Weekly Reading: Jan 26, 2016

Week 3 of this year’s READolution! Below are the books I read for the first time ever this past week. Cheerful reading, y’all!

Picture Books and Early Readers:

Transitional and Chapter Books:

Ricky Ricotta’s Mighty Robot (Ricky Ricotta #1) by Dav Pilkey

SUMMARY: Ricky Ricotta’s the target of bullies everywhere, until he befriends an evil robot who becomes his best friend and crime-fighting partner.

Fortune Falls by Jenny Goebel

SUMMARY: Convinced that passing her upcoming Luck Test will change her life, Sadie prepares as much as possible – saving her birthday wish and  performing lucky rituals – but changing from an Unlucky to a Lucky is harder than it appears.  Grades 2-5.  (c)2016.

All Paws on Deck (Haggis and Tank Unleashed #1) by Jessica Young

SUMMARY: A punny, homophone-filled tale of two friends with tails, whose imagination takes them from their boring yards to the adventurous, exciting high seas. Grades K-3. (c)2015.

Nonfiction & Graphic Novels: none this week :(

Young Adult Novels: none this week :(

What’s new in Valentine books

Love is (almost) in the air, according to every mass retailer.  But hold the candy, save the flowers: it’s books that foster the feeling of love that make me swoon.  Here’s are a few titles from the last two years that have me feeling the love. Can’t wait to pick these up at the local library or bookstore and share with J-girl, my boy H, and the children at #ReadAloudTuesday!

Library Lessons: Jan 11-15, 2016

Week 18!

The K’s continued the author/illustrator study of Ezra Jack Keats. We read Hi, Cat! this week, using illustrations and events from the story to infer Peter’s age (a CER question!).  While reading, we noticed Archie looking at his reflection in a store window. Students were able to list as many places as possible where they could see their reflection.  Open-ended questions like this allow all students to participate and feel successful!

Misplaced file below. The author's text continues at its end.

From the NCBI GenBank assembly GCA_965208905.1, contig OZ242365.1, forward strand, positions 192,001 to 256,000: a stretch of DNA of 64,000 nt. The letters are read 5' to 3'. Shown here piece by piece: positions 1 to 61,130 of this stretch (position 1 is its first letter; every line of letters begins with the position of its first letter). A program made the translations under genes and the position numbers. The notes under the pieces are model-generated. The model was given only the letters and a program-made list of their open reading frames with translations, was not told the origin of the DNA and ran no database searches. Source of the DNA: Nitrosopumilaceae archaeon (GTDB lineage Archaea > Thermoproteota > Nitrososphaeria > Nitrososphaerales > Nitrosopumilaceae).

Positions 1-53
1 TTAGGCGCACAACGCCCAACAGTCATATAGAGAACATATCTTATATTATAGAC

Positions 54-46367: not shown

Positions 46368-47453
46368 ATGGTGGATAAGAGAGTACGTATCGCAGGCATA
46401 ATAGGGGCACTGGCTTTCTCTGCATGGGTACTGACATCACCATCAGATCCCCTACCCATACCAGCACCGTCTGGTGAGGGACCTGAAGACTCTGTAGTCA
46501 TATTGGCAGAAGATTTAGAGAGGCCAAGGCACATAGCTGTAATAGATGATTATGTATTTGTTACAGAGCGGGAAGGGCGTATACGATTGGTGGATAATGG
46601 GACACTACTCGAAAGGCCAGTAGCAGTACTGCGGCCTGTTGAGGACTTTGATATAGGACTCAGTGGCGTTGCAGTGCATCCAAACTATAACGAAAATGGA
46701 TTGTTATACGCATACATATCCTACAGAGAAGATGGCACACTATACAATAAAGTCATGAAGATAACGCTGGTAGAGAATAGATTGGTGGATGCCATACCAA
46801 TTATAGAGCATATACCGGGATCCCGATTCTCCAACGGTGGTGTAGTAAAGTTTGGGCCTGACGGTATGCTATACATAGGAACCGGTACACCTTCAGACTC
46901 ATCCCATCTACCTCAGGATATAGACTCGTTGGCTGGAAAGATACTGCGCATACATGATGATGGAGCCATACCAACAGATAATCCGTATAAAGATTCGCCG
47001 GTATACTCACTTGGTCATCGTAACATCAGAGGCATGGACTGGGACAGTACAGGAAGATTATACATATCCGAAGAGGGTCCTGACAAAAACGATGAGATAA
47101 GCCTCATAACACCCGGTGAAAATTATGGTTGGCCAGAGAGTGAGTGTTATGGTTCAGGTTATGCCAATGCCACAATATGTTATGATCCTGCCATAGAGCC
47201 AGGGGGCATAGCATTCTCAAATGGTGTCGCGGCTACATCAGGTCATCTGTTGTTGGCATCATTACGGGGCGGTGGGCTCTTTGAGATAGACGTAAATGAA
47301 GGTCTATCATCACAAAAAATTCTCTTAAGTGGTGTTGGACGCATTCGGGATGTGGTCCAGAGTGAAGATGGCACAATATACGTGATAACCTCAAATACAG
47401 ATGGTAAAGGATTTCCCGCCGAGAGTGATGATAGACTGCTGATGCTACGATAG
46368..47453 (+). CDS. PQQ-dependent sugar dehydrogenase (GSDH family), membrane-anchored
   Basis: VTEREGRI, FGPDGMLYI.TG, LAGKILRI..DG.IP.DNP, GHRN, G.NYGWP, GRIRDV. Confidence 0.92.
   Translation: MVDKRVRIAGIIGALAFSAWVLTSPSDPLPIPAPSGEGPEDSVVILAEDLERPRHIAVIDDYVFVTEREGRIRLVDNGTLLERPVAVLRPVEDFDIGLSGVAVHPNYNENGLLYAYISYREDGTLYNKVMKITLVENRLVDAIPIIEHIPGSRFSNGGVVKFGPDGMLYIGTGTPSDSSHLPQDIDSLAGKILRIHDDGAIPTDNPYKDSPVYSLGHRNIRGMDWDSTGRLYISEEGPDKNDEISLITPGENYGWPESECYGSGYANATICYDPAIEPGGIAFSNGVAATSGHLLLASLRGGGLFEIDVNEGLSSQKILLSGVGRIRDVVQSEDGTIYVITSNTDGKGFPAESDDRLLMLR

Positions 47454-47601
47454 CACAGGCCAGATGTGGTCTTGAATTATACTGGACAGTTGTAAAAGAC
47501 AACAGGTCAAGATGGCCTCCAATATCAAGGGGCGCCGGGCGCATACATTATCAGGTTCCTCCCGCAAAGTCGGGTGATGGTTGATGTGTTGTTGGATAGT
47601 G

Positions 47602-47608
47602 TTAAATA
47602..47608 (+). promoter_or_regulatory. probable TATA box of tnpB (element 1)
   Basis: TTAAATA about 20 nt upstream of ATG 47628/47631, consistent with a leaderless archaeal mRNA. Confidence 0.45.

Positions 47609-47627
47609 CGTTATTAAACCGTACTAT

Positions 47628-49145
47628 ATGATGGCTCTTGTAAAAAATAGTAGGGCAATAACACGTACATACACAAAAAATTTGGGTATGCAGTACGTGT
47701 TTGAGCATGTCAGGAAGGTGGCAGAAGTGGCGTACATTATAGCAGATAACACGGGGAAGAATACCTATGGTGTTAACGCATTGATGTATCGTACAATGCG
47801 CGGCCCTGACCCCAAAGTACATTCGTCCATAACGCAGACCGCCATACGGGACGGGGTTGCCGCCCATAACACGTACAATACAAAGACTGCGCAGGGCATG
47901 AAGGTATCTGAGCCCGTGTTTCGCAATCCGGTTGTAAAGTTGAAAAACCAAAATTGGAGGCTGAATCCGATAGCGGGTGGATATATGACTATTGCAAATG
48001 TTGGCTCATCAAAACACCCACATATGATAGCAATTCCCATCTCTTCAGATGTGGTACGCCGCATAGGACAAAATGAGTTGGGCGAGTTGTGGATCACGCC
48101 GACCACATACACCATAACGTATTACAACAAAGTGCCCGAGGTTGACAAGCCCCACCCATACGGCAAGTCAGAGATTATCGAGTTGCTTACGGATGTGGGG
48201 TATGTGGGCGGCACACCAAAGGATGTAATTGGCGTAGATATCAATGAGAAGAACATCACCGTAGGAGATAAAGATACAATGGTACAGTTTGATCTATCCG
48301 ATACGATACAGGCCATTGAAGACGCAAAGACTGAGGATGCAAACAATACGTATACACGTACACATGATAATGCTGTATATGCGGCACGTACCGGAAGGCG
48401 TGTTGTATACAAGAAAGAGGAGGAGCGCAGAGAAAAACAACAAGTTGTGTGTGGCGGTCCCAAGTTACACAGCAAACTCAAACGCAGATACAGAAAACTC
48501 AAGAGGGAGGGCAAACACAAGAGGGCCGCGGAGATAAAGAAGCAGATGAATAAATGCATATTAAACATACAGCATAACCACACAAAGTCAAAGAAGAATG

As this week was the ALA Youth Media Awards, I combined the Newbery Medal, Caldecott Honor and WCCPBA (our state award) to share Last Stop on Market Street with the 2nd graders. Understanding that it won the top honor for best words and was a runner-up for best pictures, students have the chance to vote for it in March as their favorite nominee in Washington.  Perhaps the most powerful conversation came with how little they knew of soup kitchens – less than 10% had even heard the phrase. This story of serving others – of Helping the Rest, as our school believes – should serve as a springboard for future lessons and service projects.


The 4th graders had a follow-up to last week’s lesson on Henry Box Brown. Using the databases at KCLS, we researched primary sources in 19th century newspapers. This coincided with the announcement that KCLS and my school district have partnered to provide all students K-12 free access to the library’s digital offerings, regardless of library card possession. All they need is their student ID number, and the online offerings are available free of charge. Suffice to say, the 4th graders were VERY pleased to see how easy it was to access e-books via web browser. A few later used their recess time to further test the full offerings of the new service!

The 5th graders continue our weekly Lunch & Listen series. They were quite moved by Matt de la Pena’s Last Stop on Market Street (even those students who heard it last year in library class). They also laughed through Jules Feiffer’s Rupert Can Dance and Adam Rubin’s Big Bad Bubble before heading back to class. Of note, almost half the students who come for lunch stay through recess to listen to more stories. I love this and happily read even more!

Weekly Reading: Jan 11 & 18 2016

Weeks 1 and 2 of this year’s READolution!

Picture Books and Early Readers:

Transitional and Chapter Books:

My Family Adventure (Sofia Martinez #1) by Jacqueline Jules

SUMMARY: When Sofia blends into the background of her familia, she enlists her cousin to help her stand out on picture day. Includes glossary of Spanish words used within the story.   Lots of white space, color illustrations throughout. (c)2015